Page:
When it comes to choosing chocolate, these days the options are infinite. News Shopper: le

Old favourites like Dairy Milk line up next to brand new products with fair-trade credentials, stunningly high levels of cocoa solids and increasingly eccentric packing.

But if you're planning to cook with the stuff, which are the best products to choose?

According to Kate Adams, Galaxy Chocolate's Product Innovation Scientist, cooks should go for the taste, rather than the label.

"On the shelves you'll see 'cooking chocolate' but you don't have to use that for cooking. That label just means it's lower quality, perhaps contains less cocoa butter, and can have less taste, and it'll be cheaper as a result, so it can be more economical to use when cooking."

In the last few decades the chocolate industry has transformed and so have our palates, Adams points out.

The popularity of high street artisan-style chocolate shops such as Hotel Chocolat demonstrate how open we are to different, and often more intense, flavours.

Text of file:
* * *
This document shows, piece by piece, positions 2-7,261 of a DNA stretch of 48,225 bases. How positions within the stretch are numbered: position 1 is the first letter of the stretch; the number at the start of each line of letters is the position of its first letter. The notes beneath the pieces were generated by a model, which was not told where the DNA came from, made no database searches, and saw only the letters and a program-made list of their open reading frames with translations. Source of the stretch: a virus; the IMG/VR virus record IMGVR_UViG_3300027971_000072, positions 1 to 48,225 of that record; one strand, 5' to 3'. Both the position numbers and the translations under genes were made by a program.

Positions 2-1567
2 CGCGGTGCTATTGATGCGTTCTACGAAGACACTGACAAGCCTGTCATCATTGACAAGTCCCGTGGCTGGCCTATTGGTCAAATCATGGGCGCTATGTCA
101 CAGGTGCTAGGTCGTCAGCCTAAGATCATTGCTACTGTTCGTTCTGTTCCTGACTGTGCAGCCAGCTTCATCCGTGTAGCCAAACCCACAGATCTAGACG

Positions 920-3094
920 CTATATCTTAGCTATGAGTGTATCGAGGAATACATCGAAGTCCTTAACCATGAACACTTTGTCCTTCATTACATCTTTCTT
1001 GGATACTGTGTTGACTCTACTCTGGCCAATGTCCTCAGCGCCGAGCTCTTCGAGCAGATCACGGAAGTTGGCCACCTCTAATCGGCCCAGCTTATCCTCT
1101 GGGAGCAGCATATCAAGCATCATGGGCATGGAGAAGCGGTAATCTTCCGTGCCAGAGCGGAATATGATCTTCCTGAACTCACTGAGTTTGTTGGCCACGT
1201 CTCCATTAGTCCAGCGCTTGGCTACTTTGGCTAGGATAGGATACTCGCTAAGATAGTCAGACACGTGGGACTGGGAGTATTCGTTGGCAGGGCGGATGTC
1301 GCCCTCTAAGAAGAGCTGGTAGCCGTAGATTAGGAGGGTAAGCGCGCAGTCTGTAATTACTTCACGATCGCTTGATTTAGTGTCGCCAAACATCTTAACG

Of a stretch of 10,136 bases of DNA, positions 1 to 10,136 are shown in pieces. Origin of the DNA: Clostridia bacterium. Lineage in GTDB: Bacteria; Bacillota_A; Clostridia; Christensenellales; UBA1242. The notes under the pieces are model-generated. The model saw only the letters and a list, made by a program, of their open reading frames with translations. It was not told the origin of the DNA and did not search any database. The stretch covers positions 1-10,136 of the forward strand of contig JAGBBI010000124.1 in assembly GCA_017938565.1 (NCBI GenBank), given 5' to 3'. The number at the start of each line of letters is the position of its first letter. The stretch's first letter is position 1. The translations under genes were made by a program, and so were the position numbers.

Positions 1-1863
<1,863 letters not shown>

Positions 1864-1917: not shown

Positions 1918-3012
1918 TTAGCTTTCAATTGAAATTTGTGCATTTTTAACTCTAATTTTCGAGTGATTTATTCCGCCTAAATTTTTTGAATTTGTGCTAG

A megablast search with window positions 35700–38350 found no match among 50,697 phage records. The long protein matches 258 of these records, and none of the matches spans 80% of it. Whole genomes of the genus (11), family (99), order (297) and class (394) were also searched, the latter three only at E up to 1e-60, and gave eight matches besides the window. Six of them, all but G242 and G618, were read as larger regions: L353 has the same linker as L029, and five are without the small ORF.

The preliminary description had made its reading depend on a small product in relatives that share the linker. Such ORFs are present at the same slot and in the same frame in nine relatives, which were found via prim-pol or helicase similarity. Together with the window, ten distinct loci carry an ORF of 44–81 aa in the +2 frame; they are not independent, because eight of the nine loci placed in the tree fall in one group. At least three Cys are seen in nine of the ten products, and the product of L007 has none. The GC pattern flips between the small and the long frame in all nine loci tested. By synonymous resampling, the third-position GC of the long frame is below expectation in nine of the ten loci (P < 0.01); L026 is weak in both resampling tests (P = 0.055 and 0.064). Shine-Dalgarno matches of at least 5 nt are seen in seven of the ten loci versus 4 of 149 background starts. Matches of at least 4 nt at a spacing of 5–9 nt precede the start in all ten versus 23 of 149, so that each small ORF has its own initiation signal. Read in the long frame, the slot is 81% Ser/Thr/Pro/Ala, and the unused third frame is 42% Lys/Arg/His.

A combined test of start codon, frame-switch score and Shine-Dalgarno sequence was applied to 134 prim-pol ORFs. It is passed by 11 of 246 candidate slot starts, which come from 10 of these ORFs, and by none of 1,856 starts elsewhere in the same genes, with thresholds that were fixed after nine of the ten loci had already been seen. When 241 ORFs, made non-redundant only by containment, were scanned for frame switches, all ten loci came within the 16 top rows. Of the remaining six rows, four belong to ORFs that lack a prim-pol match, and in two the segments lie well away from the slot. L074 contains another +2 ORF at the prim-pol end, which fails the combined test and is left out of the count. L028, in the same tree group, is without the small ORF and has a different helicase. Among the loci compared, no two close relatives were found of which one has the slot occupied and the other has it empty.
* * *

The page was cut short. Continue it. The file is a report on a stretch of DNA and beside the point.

And as we've become a nation of chocolate aficionados, it seems natural that this should influence our cooking decisions.

If your budget can cope, seek out the products you enjoy and let the treats do the talking, says Adams.

"Different chocolates have all got different properties depending on whether they're milk, dark, white and depending on the brand."

"If you're making brownies then you want a good quality chocolate, so that those chunks are intense and delicious.

"If you're making a cake, people often like to use milk chocolate. Whereas for a recipe that's served in small portions, dark chocolate can be good - as it offers more intense blasts of flavour."

The main thing to consider when cooking with chocolate is how to use it.

There are three cardinal rules that Kate suggest chefs follow to the letter.

Firstly, water and chocolate don't mix.

"If you even get a tiny bit in it, the mixture will turn stiff and grainy. It's called seizing," Kate explains. "And then you won't be able to use it any more."

Melt your chocolate in a bowl over a pan of simmering water, and gently stir it.